Who’s the winner?
We all want to be winners. Because when we are, we feel we achieved something, are rewarded (for the right reason) and we might even feel flattered.
One of the strategies implemented at one of my customers makes use of this principle: it turns all your customers into winners, so they act faster, with more dedication and feel better about the results: All winners take all-strategy.
Organizing a lottery (the word might be different in various countries: raffle, sweep-stake, jackpot, etc.) is a campaign in which your customers receive a chance on a prize through a ticket with numbers or icons. The specific prize for them can be checked by scratching off a layer of the surface which reveals the ‘winning numbers’, or by checking numbers on a list or website or by listening live to a draw (‘bingo’). Unless they pay for the tickets, people generally know that you are trying to seduce them into doing things they might not want to do, but the outlook on winning a prize might seduce them to check their possible price anyway.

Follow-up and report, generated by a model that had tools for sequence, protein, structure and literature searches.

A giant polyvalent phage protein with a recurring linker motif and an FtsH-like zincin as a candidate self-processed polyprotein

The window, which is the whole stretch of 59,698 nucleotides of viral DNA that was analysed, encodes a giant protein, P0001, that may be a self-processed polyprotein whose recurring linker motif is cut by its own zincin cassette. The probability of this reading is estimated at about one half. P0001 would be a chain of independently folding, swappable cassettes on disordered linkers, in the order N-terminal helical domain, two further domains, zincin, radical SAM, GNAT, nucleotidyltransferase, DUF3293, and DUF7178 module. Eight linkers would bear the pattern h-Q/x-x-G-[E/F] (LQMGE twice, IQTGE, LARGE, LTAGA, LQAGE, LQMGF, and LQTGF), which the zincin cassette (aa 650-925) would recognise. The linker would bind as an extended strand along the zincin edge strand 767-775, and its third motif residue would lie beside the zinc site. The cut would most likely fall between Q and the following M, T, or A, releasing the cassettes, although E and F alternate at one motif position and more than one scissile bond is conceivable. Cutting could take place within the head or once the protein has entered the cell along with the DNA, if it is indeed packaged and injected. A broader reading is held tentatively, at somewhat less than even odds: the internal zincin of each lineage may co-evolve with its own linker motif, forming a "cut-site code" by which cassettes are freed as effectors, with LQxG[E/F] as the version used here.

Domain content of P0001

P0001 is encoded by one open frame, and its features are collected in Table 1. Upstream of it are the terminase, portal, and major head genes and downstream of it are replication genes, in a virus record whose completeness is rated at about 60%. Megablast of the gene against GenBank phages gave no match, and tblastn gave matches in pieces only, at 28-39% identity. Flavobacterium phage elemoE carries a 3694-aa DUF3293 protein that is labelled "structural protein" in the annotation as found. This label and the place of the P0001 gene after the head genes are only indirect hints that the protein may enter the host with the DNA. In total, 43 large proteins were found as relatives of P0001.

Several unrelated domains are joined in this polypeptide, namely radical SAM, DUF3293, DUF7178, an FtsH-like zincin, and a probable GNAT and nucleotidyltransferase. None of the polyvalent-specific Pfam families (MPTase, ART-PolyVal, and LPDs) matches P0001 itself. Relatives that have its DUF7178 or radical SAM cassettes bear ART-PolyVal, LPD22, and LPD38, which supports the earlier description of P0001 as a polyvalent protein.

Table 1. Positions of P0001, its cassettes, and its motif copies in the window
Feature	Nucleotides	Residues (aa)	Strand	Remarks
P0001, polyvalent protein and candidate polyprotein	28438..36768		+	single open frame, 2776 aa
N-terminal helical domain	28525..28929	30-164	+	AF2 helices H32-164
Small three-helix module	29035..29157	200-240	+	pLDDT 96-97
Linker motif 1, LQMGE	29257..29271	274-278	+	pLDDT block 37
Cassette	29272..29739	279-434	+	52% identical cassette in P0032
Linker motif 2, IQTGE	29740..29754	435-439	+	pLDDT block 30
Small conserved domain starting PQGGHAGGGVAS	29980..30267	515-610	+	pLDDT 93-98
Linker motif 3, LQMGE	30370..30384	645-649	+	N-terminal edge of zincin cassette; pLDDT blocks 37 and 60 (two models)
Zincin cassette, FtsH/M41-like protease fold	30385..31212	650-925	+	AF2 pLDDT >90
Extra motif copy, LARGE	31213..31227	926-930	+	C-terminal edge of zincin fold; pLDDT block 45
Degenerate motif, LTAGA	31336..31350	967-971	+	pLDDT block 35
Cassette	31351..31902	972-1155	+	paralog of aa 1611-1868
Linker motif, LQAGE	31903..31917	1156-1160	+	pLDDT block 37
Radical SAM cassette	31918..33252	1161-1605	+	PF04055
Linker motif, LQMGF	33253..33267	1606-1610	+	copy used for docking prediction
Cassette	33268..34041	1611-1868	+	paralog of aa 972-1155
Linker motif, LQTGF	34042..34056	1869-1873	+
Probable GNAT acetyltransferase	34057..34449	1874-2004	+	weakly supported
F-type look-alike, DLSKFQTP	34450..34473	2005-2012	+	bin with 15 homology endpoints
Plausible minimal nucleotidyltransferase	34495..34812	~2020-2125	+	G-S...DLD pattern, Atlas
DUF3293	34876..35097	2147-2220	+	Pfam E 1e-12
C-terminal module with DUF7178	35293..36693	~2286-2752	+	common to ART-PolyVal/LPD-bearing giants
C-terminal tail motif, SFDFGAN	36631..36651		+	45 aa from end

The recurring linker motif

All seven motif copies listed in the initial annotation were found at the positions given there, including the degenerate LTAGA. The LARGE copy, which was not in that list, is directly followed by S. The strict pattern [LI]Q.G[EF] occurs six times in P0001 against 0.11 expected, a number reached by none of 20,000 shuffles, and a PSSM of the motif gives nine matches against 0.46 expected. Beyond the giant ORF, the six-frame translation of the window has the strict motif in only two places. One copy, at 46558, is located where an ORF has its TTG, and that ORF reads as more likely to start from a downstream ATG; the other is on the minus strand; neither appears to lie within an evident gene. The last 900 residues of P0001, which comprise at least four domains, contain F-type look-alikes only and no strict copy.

The strategy entails giving out prices in such a way that the participants feel the price is too good to ignore, and they will use it (as a discount) to purchase our products. Let’s look at the practical example: a retailer handed out 350.000 tickets. There was only 1 dream prize of EUR 1.000,-. The rest was divided in prizes of EUR 5,-, 10,- and 25,-, each as a discount on products to be purchased at the retailer who organized this campaign. The retailer distributed almost exclusively prizes of EUR 10,-. This had the effect that nobody either lost or got the ‘lowest’ possible price of EUR 5,-. This caused all participating consumers to think they were ‘lucky enough’ to win at least a reasonable prize, which would be a waste not to use. Conversion rates were significantly higher compared with a regular ‘EUR 10,- discount coupon’ sent to the same group before.
Now, who’s the winner?
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